AD/CVD

The Arena of EAPA: Transshipping, Pencils, and Evading Duties

Customs and Border Protection (CBP) investigates allegations of dumping or unfair foreign subsidies, but they also have the authority to investigate potential violations of any imposed Anti-Dumping or Countervailing Duties (AD/CVD) under the Enforce and Protect Act (EAPA) of 2015.

Customs describes EAPA as a “multi-party, transparent, administrative proceeding where parties can both participate in and learn the outcome of the investigation. It also maintains due process for parties to the investigation by providing an option for them to request administrative and judicial reviews of CBP’s determination as to evasion.” Self-assertions of transparency and due process aside, many have found EAPA cases to be highly secretive and not always fair.

Frequently, an EAPA case involves an allegation that Chinese goods are allegedly transshipped through another country (or only subject to minor processing) to avoid paying AD/CVD duties. Since AD/CVD duties are applicable based upon the commodities country of origin, nefarious companies can ship goods from China to for example, Vietnam, India, Mexico, Taiwan, Malaysia, or some other country, and claim that these goods do not originate from China after all. Importers, in good faith, will declare that their imports are not subject to AD/CVD duties because they are not aware of the true origin of the goods. Such importers might not be liable for penalties if their belief was in good faith and based on facts, but such importers would still be subject to massive duties. Thus, contrary to popular option, good/honest importers may also find themselves the recipient of […]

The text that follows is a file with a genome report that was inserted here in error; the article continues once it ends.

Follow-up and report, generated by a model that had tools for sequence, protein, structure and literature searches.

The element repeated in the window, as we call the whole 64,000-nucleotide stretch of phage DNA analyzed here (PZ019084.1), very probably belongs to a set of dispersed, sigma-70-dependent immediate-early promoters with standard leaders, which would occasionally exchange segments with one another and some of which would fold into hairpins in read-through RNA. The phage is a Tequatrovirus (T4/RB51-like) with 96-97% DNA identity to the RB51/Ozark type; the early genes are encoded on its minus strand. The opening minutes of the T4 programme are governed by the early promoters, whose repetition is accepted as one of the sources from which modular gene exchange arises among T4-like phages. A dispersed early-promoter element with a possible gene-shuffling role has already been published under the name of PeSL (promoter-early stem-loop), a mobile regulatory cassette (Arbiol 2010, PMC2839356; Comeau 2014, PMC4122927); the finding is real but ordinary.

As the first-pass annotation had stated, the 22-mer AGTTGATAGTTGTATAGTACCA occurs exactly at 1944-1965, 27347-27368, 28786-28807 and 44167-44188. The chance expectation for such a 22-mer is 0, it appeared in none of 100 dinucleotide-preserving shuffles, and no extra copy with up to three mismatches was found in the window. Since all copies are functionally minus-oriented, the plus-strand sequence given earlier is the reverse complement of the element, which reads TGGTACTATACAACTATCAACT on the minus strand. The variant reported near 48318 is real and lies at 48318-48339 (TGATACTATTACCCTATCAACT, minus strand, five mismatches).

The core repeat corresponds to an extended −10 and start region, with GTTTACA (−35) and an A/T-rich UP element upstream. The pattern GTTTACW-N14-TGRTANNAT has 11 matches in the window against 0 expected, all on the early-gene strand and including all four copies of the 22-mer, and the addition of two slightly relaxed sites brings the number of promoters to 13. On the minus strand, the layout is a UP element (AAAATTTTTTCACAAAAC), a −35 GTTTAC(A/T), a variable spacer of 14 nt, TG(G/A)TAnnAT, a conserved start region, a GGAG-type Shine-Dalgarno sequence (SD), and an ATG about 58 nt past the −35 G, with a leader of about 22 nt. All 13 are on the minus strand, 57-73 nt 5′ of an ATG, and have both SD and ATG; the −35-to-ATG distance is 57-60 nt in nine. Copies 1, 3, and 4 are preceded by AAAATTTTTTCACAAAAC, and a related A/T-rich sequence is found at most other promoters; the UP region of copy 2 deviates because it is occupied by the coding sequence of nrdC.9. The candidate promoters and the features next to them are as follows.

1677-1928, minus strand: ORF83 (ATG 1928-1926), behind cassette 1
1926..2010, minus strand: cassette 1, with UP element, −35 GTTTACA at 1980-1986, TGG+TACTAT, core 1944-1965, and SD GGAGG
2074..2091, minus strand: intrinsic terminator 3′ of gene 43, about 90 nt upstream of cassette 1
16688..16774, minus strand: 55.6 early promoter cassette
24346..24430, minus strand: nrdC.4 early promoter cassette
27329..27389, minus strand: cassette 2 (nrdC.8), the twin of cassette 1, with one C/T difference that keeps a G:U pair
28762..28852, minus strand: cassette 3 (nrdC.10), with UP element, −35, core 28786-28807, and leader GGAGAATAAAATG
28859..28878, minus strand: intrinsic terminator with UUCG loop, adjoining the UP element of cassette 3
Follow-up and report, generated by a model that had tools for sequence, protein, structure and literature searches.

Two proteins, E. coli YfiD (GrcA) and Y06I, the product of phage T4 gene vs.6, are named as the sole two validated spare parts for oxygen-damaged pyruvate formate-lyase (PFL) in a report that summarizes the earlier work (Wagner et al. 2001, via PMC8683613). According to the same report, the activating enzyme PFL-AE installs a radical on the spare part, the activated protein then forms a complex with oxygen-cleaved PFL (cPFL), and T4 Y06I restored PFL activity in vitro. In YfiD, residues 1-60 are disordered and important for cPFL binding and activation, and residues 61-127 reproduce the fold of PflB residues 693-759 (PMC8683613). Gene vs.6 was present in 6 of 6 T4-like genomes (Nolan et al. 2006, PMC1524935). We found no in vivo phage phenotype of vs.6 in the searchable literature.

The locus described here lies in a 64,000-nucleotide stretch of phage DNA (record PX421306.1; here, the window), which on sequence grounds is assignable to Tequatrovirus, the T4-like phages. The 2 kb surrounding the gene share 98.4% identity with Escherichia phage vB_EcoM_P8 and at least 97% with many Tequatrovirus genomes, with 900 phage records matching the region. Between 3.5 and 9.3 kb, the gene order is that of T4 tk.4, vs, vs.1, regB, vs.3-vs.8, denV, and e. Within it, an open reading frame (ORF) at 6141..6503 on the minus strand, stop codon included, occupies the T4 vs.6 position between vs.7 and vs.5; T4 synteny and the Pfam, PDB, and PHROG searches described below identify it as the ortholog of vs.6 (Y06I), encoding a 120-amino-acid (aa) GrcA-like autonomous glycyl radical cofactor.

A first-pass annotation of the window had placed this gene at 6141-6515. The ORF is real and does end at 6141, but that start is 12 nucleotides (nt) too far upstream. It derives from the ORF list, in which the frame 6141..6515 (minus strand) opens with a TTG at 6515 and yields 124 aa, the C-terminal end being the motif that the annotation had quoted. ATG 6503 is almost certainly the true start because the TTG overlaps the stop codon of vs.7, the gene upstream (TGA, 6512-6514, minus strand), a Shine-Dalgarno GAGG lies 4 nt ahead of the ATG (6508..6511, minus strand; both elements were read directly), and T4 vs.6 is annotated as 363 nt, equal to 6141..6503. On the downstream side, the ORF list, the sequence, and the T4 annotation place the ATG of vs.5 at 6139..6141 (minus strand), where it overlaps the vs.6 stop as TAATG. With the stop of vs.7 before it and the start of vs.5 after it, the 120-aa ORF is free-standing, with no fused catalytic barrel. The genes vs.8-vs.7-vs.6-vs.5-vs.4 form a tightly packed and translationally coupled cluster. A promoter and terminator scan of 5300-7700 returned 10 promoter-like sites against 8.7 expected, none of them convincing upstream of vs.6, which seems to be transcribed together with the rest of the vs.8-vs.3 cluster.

Breaking Trade News: New AD and CVD Petition Filed on 2,4-Dichlorophenoxyacetic Acid from China and India

On March 14, 2024, Corteva Agriscience LLC filed a petition for the imposition of antidumping and countervailing duties on imports of 2, 4-Dichlorophenoxyacetic (2, 4-D) acid from China and India.

2, 4-D is the active ingredient in many products used in the United States and throughout the world as an herbicide to kill weeds on land and in water.

Identified importers include:

  • Helena Industries LLC (China)
  • Nufarm Americas Inc. (China)
  • PBI-Gordon Corporation (China)
  • Gharda Chemicals (India)
  • Atul USA, Inc. (India)

The full list of identified exporters and producers can be viewed here.

The alleged dumping margins are:

  • China: 143.73%
  • India: 62.66%

The proposed scope language includes the 2, 4-D component of any derivative products of 2, 4-D including amine salt and ester forms.

The Commerce Department will determine whether to initiate the investigations within 20 days. The United States International Trade Court (USITC) will reach a preliminary determination of material injury or threat of material injury within 45 days. Final determinations will likely occur late 2024.

As with any proceeding, participation is very important to protect your rights. We urge anyone that imports 2, 4-D to pay close attention to this case to ensure that all appropriate steps are taken to mitigate any damage.

Diaz Trade Law will continue to monitor this case and share updates. For more information or questions get in touch with us at 305-456-3830 or info@diaztradelaw.com.

 

 

Breaking Trade News: New AD and CVD Petition Filed on Paper Plates from China, Vietnam and Thailand